Tuesday, January 19, 2016

Building Reactive Systems with JavaFX

JavaFX is the new standard library for building graphical applications in Java, but many programmers out there is still stuck with Swing or even (tremble) AWT. A lot has happened in the 20 years java has been around. When I began looking into the JavaFX libraries two years ago for the Speedment UI I found many things fascinating! Here are a few tips on how you can use many of the new awesome features in the JavaFX toolkit to build reactive and fast applications!

1. Property Values

If you have snooped around in the JavaFX components you must have come across the term Property. Almost every value in the FX library can be observed, the width of a divider, the size of an image, the text in a label, the children of a list as well as the status of a checkbox. Properties come in two categories; Writables and Readables. A writable value can be changed either using a setter or by directly modifying the property. JavaFX will handle the event processing and make sure every component that depends on the property will be notified. A readable value has methods that allow you to receive notifications when the value changes.

Example:
// Read- and writable
StringProperty name = new SimpleStringProperty("Emil"); 
// Only readable
ObservableBooleanValue nameIsEmpty = name.isEmpty();

2. Binding values

When you have a writable and a readable value, you can start defining rules for how these values relate. A writable property can be bound to a readable property so that its value will always match the readable one. Bindings are not immediate, but they will be resolved before the values are observed (see what I did there). Bindings can be unidirectional or bidirectional. Of course, if they are bidirectional, both properties will need to be writable.

Example:
TextField fieldA = new TextField();
TextField fieldB = new TextField();
fieldA.prefWidthProperty().bind(fieldB.widthProperty());

3. Observable Lists

Properties are not the only thing that can be observed. The members of a list can also be observed if the list is wrapped in an ObservableList. The reaction model of the ObservableList is quite advanced. Not only can you receive a notification when the list is modified, you can also see exactly how the list was changed.

Example:

List<String> otherList = Arrays.asList("foo", "bar", "bar");
ObservableList<String> list = FXCollections.observableList(otherList);

list.addListener((ListChangeListener.Change<? extends String> change) -> {
    System.out.println("Received event.");
    while (change.next()) {
        if (change.wasAdded()) {
            System.out.println(
                "Items " + change.getAddedSubList() + " was added.");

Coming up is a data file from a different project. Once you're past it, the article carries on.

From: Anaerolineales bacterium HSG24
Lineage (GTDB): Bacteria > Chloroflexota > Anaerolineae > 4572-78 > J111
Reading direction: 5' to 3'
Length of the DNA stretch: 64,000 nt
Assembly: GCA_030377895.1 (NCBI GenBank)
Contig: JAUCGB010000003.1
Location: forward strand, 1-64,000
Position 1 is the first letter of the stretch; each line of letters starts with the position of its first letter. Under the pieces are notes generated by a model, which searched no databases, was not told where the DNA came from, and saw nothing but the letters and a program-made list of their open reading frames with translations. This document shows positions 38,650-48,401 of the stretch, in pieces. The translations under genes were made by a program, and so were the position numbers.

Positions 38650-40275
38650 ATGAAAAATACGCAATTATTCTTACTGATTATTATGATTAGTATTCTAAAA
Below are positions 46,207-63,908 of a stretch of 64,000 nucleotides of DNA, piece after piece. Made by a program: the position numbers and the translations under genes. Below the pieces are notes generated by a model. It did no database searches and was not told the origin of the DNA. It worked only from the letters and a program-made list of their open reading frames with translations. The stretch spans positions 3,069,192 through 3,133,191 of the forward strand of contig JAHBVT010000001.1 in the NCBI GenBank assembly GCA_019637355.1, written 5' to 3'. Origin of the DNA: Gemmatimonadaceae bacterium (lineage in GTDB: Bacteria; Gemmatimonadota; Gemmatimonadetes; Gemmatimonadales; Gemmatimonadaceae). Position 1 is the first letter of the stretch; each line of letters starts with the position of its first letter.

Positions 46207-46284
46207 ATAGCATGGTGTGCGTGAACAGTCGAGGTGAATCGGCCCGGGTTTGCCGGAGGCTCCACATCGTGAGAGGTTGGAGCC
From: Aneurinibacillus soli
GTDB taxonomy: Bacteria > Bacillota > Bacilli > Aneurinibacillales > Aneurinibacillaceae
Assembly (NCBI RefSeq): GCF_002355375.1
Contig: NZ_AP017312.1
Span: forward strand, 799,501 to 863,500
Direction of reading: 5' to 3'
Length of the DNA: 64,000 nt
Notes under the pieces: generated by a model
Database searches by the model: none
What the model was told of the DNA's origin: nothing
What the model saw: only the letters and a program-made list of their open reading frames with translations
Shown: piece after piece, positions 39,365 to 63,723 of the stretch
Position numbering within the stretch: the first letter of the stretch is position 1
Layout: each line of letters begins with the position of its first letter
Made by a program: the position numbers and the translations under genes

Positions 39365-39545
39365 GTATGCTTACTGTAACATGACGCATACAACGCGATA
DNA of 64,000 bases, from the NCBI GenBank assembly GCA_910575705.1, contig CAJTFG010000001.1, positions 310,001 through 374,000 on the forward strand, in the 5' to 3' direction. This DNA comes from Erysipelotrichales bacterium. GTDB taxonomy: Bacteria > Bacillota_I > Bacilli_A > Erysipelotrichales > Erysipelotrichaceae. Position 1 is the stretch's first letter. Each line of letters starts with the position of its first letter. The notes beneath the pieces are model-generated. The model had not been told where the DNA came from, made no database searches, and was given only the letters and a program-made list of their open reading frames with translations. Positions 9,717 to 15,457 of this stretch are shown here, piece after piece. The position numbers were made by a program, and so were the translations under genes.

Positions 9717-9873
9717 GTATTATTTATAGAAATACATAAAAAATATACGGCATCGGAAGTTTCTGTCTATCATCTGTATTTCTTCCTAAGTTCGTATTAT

}

        if (change.wasRemoved()) {
            System.out.println(
                "Items " + change.getRemoved() + " was removed.");
        }
    }
});

System.out.println("Old list: " + list);
list.set(1, "foo");
System.out.println("New list: " + list);

The output from the above is:

Old list: [foo, bar, bar]
Received event.
Items [foo] was added.
Items [bar] was removed.
New list: [foo, foo, bar]

As you can see, the set operation only created one event.

4. StringConverter

Sometimes, you will find that you don’t have the exact value in a component as you need to create a binding. A typical example of this is that you have a StringProperty with the path that you have gotten from a TextField. If you want an observable property with this value expressed as a Path, you will need to create a StringConverter for that.

Example:
TextField fileLocation = new TextField();
StringProperty location = fileLocation.textProperty();
Property<Path> path = new SimpleObjectProperty<>();

Bindings.bindBidirectional(location, path, new StringConverter<Path>() {
    @Override
    public String toString(Path path) {
        return path.toString();
    }

    @Override
    public Path fromString(String string) {
        return Paths.get(string);
    }
});

The object property is not bound bidirectionally to the textfield value.

5. Expressions

Using the Bindings-class shown before you can create all kinds of expressions. Say that you have two textfields that the user can enter information into. You now want to define a read-only field that always contains a string that if the two string lengths are equal, expresses the character by character mix between the two. If the lengths are not equal, a helping message should be shown instead.

Example:
TextField first  = new TextField();
TextField second = new TextField();
TextField mix    = new TextField();

mix.textProperty().bind(
    Bindings.when(
        first.lengthProperty().isEqualTo(second.lengthProperty())
    ).then(Bindings.createStringBinding(
        () -> {
            int length        = first.lengthProperty().get();
            String firstText  = first.textProperty().get();
            String secondText = second.textProperty().get();
            char[] result     = new char[length * 2];

            for (int i = 0; i < length; i++) {
                result[i * 2]     = firstText.charAt(i);
                result[i * 2 + 1] = secondText.charAt(i);
            }

            return new String(result);
        }, 
        first.textProperty(),
        second.textProperty()
    )).otherwise("Please enter two strings of exactly the same length.")
);

Conclusion

These were only a handful of the many features of JavaFX. Hopefully you can find many more creative ways of utilizing the event system!

5 comments:

  1. Have you ever checked out ReactFX or RxJavaFX? You can do a lot with either of those libraries and utilize fully reactive frameworks with JavaFX.

    https://github.com/TomasMikula/ReactFX
    https://github.com/ReactiveX/RxJavaFX

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